“It is imperative to prove that the accused indeed underwent a process of ‘cold and deep meditation, and a tenacious persistence in the accomplishment of the criminal act.’
“Accordingly, there can be no evident premeditation when the determination to commit the crime was immediately followed by execution” (G.R. 227504, June 13, 2018).
“Evident premeditation cannot be presumed in the absence of evidence showing when and how the accused planned, and prepared for the crime, and that a sufficient amount of time had lapsed between his determination and execution… [a]bsent any clear and positive evidence, mere presumptions and inferences…, no matter how logical and probable, shall be deemed insufficient” (G.R. 227504, June 13, 2018).
In the Grabador case, the prosecution failed to identify the time at which Alex decided to kill Dennis.
Instead, the prosecution randomly concluded that there was evident premeditation from the fact that Rodolfo left and came back after 15 minutes with Alex, and thereafter killed Dennis (G.R. 227504, June 13, 2018).
“[A] lapse of 15 minutes preceding the attack is not sufficient to conclude that evident premeditation attended the commission of the offense.”
In People v. Illescas, “the Court ruled that a 15-minute interval cannot be deemed as sufficient time for the accused to coolly reflect on his acts…” (cited in G.R. 227504, June 13, 2018).
Another qualifying circumstance for murder is that the killing was in consideration of a price, reward or promise.
A mastermind and a hired gunman or assassin who kills a victim are both guilty of murder. An example of this is a husband who hires a gunman to kill his wife to be able to collect a life insurance policy wherein he is the beneficiary.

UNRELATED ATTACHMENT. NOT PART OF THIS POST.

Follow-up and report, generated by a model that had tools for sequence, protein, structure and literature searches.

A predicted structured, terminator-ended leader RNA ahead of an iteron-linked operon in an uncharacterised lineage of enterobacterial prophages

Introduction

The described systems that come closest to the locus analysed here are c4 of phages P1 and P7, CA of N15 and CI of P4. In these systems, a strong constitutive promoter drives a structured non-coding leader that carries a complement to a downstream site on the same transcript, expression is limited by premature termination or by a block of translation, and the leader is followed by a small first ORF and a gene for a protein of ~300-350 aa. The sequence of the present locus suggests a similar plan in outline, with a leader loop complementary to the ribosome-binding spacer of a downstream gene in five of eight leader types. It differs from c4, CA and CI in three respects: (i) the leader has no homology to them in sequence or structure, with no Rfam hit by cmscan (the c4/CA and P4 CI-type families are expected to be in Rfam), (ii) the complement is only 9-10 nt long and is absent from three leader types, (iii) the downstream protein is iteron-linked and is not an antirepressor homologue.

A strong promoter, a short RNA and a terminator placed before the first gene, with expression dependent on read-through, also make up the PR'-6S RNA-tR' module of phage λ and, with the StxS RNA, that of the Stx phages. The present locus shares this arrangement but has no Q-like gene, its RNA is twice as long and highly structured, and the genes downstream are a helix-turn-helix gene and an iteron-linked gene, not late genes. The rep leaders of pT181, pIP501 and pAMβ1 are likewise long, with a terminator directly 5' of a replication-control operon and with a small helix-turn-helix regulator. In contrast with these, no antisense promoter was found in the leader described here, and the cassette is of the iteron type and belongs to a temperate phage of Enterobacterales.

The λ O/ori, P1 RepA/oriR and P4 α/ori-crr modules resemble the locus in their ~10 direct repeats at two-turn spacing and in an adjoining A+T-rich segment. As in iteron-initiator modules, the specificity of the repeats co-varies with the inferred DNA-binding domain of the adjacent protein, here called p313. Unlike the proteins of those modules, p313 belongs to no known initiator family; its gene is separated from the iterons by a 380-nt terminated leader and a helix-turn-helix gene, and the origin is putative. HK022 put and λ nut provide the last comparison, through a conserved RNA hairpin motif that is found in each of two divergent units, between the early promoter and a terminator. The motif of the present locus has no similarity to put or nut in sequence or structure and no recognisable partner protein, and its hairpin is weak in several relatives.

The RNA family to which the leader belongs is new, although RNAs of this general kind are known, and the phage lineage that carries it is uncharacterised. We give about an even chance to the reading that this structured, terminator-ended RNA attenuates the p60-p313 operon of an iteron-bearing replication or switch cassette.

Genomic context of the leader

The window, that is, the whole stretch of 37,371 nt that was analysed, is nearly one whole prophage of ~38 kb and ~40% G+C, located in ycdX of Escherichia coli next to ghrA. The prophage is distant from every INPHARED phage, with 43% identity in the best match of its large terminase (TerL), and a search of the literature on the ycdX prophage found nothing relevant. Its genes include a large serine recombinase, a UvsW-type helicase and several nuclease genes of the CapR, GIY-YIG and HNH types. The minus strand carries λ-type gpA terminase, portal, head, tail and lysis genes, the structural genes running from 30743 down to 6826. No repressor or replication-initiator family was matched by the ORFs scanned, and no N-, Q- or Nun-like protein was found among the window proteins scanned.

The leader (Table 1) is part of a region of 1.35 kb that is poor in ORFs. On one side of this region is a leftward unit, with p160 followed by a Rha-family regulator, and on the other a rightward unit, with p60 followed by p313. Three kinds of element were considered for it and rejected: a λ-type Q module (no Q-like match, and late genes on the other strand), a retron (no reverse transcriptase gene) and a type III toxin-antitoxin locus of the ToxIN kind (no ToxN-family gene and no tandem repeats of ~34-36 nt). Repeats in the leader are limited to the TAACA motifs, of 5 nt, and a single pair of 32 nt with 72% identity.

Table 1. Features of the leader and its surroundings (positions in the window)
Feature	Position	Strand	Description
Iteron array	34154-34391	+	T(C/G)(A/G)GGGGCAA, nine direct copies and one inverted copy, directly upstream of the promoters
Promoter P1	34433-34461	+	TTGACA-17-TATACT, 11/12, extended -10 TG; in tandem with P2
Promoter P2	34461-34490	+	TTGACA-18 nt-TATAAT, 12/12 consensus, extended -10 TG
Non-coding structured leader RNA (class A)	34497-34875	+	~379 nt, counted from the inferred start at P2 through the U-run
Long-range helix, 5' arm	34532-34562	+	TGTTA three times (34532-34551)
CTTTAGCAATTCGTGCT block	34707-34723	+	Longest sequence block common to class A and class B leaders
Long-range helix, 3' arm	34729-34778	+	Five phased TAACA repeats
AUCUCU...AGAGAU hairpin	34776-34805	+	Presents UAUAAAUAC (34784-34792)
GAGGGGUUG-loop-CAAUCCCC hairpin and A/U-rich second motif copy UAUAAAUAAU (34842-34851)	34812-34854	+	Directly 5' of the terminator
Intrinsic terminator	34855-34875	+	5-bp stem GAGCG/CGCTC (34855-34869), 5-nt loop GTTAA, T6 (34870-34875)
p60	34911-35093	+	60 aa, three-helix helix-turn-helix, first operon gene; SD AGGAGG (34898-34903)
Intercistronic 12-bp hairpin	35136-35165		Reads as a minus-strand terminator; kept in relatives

Murder is also committed “by means of inundation, fire, poison, explosion, shipwreck, stranding of a vessel, derailment or assault upon a street car or locomotive, fall of an airship, by means of motor vehicles, or with the use of any other means involving great waste and ruin.”
The killing of victims by throwing a hand grenade at them is murder qualified by explosion (Gregorio, Fundamentals of Criminal Law Review citing People v. Tayo ).
Cruelty, a qualifying circumstance, is defined as deliberately and inhumanly augmenting the suffering of the victim. (see Article 248, Revised Penal Code).
“The gagging of the mouth of a three-year-old child with stockings, dumping him with head downwards into a box, and covering the box with sacks and other boxes,… causing slow suffocation, is cruelty” (People v. Lora, G.R. L-49430, March 30, 1982).
“Where the victim was already dead and the body aside from being stabbed on the face several times, was still subjected to further beatings on the head with the Thompson submachine gun causing the brain to scatter, is an example of outraging and scoffing” (Gregorio, Fundamentals of Criminal Law Review citing People v. Orzamme ).
“It is an elementary rule in criminal law that each of the qualifying circumstances must be alleged in the Information, and must be proven as clearly as the crime itself.
“Every element of the offense must be shown to exist beyond reasonable doubt and cannot be the mere product of speculation. In the absence of a qualifying circumstance, the crime committed is homicide, and not murder” (G.R. 227504, June 13, 2018).
“In the crime of murder, the qualifying circumstance raising the killing to the category of murder must be specifically alleged in the information.
Further, Sections 8 and 9 of Rule 110 of the Rules of Criminal Procedure require both the qualifying and aggravating circumstances must be specifically alleged in the information to be appreciated as such” (G.R. 203435, April 11, 2018).